Black "Rantings": Indigenous feminist writers' online narratives in a postfeminist age.

Verity Anne Trott

Abstract


This paper draws on Rosalind Gill's (2007) conceptualisation of the postfeminist sensibility to shape an analysis of how indigenous feminist writers are challenging postfeminist narratives and developing their own counter narratives. A postfeminist sensibility, along with the post-identity ideology that is currently prevalent in Western society, is built upon the narrative that inequalities surrounding gender and race have been conquered and are firmly rooted in the past. To further an understanding of how Indigenous Australian feminist writers are challenging key aspects of postfeminism, this paper examines the ways in which they use the microblogging site Twitter to develop a first-hand and direct engagement with the writers' personal views and to shed insight into how they are challenging postfeminist narratives on an everyday level. With the proliferation of intersectional hashtags created by women of colour, Twitter has been identified as an important tool in the effort to develop "a sustained critique of white feminism" (Daniels, 2016:27; Loza, 2014). While social media sites have been praised for providing alternative and liberating spaces for marginalised feminist voices (Boler & Nitsou, 2014; Halavais & Garrido, 2014; Radsch & Khamis, 2013; Shaw, 2012), there remains a racial disparity between the voices that are elevated online (Nakamura, 2002). This paper asks, how are Indigenous Australian feminist writers challenging aspects of postfeminism online and what are the prevailing counter narratives about women, indigeneity, and feminism?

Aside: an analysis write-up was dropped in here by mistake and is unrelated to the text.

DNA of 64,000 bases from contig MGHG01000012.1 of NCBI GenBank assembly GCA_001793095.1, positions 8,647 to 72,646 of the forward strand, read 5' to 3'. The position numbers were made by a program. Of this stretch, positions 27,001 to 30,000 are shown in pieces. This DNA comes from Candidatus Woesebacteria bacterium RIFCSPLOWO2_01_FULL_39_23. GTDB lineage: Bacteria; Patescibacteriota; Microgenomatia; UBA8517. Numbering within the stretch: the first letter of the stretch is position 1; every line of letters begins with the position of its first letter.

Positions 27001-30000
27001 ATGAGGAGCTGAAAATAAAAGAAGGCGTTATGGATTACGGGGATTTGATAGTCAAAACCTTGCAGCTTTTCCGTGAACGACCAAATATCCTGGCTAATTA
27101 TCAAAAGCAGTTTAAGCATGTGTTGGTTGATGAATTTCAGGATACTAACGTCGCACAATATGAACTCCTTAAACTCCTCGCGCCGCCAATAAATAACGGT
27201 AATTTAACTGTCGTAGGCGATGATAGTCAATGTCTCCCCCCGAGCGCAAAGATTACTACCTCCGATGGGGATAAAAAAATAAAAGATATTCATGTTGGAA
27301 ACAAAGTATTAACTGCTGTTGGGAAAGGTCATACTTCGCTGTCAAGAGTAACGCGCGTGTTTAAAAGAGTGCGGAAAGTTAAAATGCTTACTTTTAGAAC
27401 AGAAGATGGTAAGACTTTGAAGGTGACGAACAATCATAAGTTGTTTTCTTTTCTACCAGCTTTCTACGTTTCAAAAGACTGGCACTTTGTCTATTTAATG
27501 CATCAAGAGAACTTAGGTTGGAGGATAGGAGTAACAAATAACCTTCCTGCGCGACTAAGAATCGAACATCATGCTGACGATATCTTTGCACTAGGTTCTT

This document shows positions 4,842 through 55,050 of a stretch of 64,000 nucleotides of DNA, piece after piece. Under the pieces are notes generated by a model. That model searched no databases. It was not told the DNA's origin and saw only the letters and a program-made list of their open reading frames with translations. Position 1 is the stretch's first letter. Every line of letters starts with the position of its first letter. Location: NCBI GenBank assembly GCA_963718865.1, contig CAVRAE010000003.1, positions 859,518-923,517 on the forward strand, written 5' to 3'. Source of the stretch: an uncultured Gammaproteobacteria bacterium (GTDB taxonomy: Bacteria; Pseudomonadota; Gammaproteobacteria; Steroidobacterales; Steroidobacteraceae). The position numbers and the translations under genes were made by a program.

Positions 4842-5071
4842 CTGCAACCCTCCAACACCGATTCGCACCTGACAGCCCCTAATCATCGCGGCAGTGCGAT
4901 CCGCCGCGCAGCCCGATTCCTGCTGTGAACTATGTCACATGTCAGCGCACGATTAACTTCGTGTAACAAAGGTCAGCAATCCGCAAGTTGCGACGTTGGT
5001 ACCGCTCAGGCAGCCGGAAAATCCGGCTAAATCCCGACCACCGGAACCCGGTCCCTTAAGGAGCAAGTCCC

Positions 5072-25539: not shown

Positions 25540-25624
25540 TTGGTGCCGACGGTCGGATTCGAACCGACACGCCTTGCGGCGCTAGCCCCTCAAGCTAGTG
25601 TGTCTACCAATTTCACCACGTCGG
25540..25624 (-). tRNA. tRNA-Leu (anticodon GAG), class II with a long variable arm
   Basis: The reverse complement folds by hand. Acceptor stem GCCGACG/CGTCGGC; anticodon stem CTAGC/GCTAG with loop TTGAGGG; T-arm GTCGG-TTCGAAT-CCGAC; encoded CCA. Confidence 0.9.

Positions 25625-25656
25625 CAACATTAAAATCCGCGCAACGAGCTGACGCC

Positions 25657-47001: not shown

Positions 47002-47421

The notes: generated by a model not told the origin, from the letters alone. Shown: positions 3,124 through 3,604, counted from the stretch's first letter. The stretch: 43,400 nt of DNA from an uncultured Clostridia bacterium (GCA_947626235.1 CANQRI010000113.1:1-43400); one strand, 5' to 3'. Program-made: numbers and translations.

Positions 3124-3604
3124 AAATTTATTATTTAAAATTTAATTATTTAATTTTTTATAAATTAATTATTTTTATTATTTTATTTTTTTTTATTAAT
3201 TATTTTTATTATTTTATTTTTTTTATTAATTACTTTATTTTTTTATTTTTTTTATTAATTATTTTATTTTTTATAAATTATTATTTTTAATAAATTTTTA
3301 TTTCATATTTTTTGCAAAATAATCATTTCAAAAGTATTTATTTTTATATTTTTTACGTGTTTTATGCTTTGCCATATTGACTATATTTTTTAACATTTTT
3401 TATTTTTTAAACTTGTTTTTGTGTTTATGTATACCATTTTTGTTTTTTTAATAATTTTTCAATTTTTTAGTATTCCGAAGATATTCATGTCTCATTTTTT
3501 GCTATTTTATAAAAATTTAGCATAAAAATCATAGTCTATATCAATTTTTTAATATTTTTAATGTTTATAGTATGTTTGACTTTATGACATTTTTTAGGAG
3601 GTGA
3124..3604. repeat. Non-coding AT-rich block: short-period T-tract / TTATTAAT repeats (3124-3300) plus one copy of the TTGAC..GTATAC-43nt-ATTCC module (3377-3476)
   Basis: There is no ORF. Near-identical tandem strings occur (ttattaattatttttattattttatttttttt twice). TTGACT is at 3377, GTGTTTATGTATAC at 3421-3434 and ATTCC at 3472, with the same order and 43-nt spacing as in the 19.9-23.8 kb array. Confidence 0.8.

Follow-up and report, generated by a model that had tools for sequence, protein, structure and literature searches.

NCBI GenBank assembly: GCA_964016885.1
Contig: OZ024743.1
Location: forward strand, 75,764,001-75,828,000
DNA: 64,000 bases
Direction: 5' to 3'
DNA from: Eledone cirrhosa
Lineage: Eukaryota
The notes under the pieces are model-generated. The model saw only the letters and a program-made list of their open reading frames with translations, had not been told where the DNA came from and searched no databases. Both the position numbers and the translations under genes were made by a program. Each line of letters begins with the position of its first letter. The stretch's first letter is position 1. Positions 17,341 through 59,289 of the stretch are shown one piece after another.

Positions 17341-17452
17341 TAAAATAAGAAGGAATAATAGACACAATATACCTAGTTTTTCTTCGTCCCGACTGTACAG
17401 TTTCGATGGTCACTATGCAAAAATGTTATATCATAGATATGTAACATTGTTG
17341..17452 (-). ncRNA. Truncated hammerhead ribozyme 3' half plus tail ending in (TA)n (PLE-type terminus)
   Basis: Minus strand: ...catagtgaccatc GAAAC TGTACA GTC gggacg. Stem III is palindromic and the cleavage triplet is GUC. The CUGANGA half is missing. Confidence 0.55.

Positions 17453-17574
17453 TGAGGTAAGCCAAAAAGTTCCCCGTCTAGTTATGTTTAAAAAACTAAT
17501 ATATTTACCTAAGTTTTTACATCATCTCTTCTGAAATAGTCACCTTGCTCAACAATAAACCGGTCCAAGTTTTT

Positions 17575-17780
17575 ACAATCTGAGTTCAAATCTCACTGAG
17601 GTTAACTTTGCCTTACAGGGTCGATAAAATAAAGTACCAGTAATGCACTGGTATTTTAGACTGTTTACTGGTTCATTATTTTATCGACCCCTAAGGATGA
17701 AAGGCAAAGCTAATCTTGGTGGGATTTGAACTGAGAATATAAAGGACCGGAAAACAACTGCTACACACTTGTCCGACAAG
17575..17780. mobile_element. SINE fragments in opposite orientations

Keywords


feminism, indigenous, post-racial, postfeminism, microblogging

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